Friday, July 2, 2010

What's Cooking?: Golden Semolina Loaves

This appeared in the July 2010 edition of the Left Hand Valley Courier in my What’s Cooking? column.

I use durum flour (or semolina) quite often when I make white bread, so this recipe interested me. Instead of using a percentage of durum, this bread is all durum.

Durum and semolina are the same type of wheat, but semolina is a coarser grind. This recipe requires the finer-ground durum. If you can’t find it locally, you can order it from King Arthur Flour.

Like most of the recipes in this book, this one has a lot of steps, but it was one of the simplest. I’ve simplified it even further to shorten it for my newspaper column, but the results are still exceptional.

Golden Italian Semolina Loaves
Adapted from “Amy’s Bread” by Amy Scherber & Toy Kim Dupree

1/4 cup very warm water
2 teaspoons active dry yeast
4 cups durum flour
1 tablespoon kosher salt
1 1/2 cups cool water (more if needed)

Mix the yeast and warm water and stir to dissolve the yeast. Set aside for three minutes.

Mix the flour and salt in a large bowl add the mixture and mix with your fingertips until it’s a shaggy mass.

Sprinkle some flour on your work surface and move the dough there. Knead for about four minutes. If the dough seems dry, knead in more water, a little at a time. The dough should be stretchy and feel smooth and supple.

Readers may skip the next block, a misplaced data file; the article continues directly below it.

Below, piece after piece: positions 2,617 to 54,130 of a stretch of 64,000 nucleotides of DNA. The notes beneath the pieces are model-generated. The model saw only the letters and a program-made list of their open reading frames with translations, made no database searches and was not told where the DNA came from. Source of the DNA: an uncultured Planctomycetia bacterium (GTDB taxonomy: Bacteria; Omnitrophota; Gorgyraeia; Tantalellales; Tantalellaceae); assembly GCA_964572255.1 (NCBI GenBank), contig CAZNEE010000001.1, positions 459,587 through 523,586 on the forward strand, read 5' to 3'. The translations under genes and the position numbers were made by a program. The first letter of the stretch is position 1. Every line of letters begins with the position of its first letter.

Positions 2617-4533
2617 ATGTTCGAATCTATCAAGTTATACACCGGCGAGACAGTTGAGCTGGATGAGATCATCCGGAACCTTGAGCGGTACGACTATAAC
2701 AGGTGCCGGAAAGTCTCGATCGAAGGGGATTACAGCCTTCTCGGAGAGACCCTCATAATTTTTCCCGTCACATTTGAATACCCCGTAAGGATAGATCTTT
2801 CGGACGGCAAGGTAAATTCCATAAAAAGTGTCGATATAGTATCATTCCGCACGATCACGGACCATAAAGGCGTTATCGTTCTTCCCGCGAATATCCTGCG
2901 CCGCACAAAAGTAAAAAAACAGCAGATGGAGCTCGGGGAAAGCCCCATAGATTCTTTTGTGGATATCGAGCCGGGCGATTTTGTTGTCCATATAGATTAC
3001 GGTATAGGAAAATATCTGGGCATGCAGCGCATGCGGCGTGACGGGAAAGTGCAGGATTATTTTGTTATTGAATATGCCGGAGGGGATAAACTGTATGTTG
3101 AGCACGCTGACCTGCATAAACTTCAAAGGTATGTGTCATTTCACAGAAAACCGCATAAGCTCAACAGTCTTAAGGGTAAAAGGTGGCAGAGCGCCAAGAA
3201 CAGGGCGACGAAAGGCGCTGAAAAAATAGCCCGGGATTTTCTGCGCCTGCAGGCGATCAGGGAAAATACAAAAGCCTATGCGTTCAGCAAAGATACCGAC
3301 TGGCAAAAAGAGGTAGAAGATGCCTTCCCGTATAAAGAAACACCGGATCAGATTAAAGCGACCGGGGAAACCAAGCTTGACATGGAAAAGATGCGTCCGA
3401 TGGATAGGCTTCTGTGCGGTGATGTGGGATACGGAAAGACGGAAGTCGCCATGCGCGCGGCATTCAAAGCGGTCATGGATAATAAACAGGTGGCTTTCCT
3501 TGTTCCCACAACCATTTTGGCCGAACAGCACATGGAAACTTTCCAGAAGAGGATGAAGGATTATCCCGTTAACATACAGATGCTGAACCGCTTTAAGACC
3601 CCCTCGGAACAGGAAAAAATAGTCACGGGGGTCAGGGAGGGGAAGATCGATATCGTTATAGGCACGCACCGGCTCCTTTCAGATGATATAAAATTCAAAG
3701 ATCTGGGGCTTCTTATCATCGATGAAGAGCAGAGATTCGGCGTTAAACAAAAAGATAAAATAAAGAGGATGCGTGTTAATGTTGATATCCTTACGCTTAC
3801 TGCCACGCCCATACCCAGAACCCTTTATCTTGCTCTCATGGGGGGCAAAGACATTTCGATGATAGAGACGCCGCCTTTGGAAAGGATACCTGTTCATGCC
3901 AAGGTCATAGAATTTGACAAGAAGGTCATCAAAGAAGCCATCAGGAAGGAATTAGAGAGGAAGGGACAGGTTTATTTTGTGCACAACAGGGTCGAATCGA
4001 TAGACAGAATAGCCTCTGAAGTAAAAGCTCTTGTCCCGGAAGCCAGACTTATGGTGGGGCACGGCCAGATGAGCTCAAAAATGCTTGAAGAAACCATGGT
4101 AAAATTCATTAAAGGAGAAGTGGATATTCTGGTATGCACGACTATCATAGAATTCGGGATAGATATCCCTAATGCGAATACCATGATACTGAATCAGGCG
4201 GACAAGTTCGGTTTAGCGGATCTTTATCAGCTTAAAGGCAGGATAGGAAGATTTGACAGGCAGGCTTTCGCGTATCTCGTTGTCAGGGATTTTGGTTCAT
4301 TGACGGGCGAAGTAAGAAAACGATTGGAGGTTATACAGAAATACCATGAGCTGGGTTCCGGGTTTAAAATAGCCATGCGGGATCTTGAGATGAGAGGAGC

Put the dough back into the mixing bowl, cover with oiled plastic wrap, and let it rest for 20 minutes.

Flour the work surface lightly again, and knead the dough for 5-7 minutes until it’s no longer sticky and is stretchy and supple.

Put the dough into a lightly oiled bowl, and cover with plastic wrap. Set aside to rise until doubled, about 60-90 minutes.

Preheat the oven to 425 degrees and sprinkle cornmeal on a baking sheet. Put an oven-safe metal pan on the bottom rack of your oven.

Lightly flour your work surface and divide your dough in half. Form it into two baguette shapes. Move the loaves to the baking sheet, cover with oiled plastic wrap, and set aside to rise until almost doubled, about 45-60 minutes.

About 10 minutes before the loaves are ready to go into the oven, boil about boil about a cup of water; this will be going into the pan in the oven to create moisture in the oven when you bake.

When the loaves have risen, make shallow slashes in the top of the dough, holding the knife at about a 30 degree angle. Mist the loaves with some water, Put the loaves in the oven and pour the boiling water into the pan. Close the oven door, wait about a minute, then mist the loaves with water again.

Bake for 15 minutes, then lower the heat to 400 degrees and bake another 25 minutes, until the loaves are golden brown and sound hollow when tapped on the bottom.

Remove the loaves from the oven and cool completely on a wire rack before cutting.

This has been submitted to Yeastspotting.

1 comment:

Mimi said...

Lots of holes in the texture of that bread. I bet it tasted so good!

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